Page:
JORDAN PICKFORD was blameless for Belgium’s two goals on Sunday — but Gareth Southgate’s faith in him continues to divide opinion.
Even England’s goalkeeping coach, Martyn Margetson, is not convinced by Pickford’s abilities.
He was on TV last week pulling apart the Everton keeper’s technique while highlighting the positives in Three Lions rivals Nick Pope and Dean Henderson.
It is all a far cry from two years ago when Pickford was a national hero following his World Cup exploits.
His form has been up and down since then — including being heavily criticised for a season-ending tackle on Virgil van Dijk in last month’s Merseyside derby.
But according to one of the men who understands him best, the 26-year-old’s self-belief never wavered.
Goalkeeping coach Mark Prudhoe says Pickford phoned him minutes after his man-of-the-match display in the 2-0 win over Sweden that took England to the semi-finals in Russia.
And again two hours after Everton lost 2-1 at Newcastle earlier this month — a game for which he was axed.
Prudhoe claims the voice he listened to had the same positive, upbeat tone he heard from Samara during the 2018 summer of love.
SEderland Under-23 coach said: “Jordan was probably more disappointed Everton lost to Newcastle than he was about his own situation.
“It was the first time he’s ever been dropped and though he was back a week later, I’m sure the decision will have pressed one or two wrong buttons for him.
“But his attitude was fine. He’s determined to learn from recent situations and bounce back better than ever.”
The pair — both born in Washington, Tyne and Wear — have known each other since Pickford was eight.
Prudhoe, 57, revealed: “We’ve always kept in touch. Jordan knows he’ll get a straight answer when he asks me how he’s playing.
“I remember those World Cup calls. He was really buzzing be- cause he loves representing Eng- land — but to be honest, he’s like that most of the time.
“Yes, he’s had an up-and-down season and accepts some of the criticism is justified.
“I tell him mistakes can be his best friend because you learn from your mates.
“He’s such a willing learner, never afraid to pick up the phone and ask for help — whether it’s from me, Kevin Wolfe, who’s now at Manchester United, or another goal-keeping coach.
“Jordan has a reputation for being really loud but he’s well grounded, never getting too high or too down in the dumps.“I’d say that strong mentality is one of his best qualities.”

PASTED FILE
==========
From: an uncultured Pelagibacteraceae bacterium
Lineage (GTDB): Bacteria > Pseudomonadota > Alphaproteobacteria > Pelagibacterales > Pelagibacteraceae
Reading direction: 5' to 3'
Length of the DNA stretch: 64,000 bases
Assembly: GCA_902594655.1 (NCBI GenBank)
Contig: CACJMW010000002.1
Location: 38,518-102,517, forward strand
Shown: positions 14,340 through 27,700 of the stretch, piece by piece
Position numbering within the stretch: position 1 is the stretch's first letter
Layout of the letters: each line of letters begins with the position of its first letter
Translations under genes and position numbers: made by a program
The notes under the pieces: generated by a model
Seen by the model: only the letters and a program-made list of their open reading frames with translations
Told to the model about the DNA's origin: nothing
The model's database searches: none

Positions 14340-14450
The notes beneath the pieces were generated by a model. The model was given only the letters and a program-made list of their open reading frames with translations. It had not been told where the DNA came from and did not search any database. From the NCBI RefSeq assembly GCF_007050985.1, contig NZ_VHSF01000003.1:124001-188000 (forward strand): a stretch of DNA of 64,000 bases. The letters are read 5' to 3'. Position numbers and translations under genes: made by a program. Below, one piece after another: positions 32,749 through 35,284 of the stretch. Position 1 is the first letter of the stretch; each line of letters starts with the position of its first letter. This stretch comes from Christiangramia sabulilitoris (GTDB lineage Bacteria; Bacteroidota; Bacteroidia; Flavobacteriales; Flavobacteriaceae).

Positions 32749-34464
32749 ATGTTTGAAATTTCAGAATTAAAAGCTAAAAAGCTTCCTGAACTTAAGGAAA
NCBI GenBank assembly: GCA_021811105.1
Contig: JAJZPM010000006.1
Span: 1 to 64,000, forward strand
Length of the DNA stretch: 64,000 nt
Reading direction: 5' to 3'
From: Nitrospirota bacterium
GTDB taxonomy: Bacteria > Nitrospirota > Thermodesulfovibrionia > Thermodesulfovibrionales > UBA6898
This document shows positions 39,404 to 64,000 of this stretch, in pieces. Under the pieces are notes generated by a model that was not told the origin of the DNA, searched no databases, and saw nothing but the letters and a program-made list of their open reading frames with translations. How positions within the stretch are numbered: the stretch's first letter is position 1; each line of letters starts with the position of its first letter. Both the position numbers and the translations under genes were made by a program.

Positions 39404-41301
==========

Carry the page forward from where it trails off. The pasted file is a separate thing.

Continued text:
Prudhoe persuaded Sunderland to send his prodigy out on loan when he was still playing academy football — and it was during those spells at Alfreton Town and Darlington that he came of age.
He said: “Those times really toughened him up.
“Funnily enough, when I first knew him, his big rival, a lad called Dave Jones, had more potential.
“While Jordan was thin and straggly, he had big broad shoulders and looked the better bet.
“But Jordan was so focused and came on leaps and bounds, especially after he broke into the England set-up at 14.”
And Prudhoe — whose 18-club playing career included a short loan spell at Liverpool — revealed he was not shocked by Pickford’s two-footed challenge on Van Dijk which should have earned the keeper a red card.
He added: “Jordan’s been doing that since he was a kid.
“He often leads with his feet, always has done, though never maliciously.
“Jordan’s obsessed with keeping the ball out of the net and will do whatever he has to.
“He’s one of those keepers who loves getting hit with the ball, whether it’s smack on the face or in the midriff.
“That’s why he is so different from his peers.
“He’s not particularly pleasing on the eye at times but he has this insatiable energy and desire to protect his goal.”
Prudhoe is adamant Pickford’s inconsistent club form should not shape his international future.
He added: “Of course, Everton is his bread and butter but to me he’s still England’s main man and has never let his country down.
“Thankfully, Gareth Southgate is a big fan of his and knows he has the temperament and confidence to thrive at the highest level.”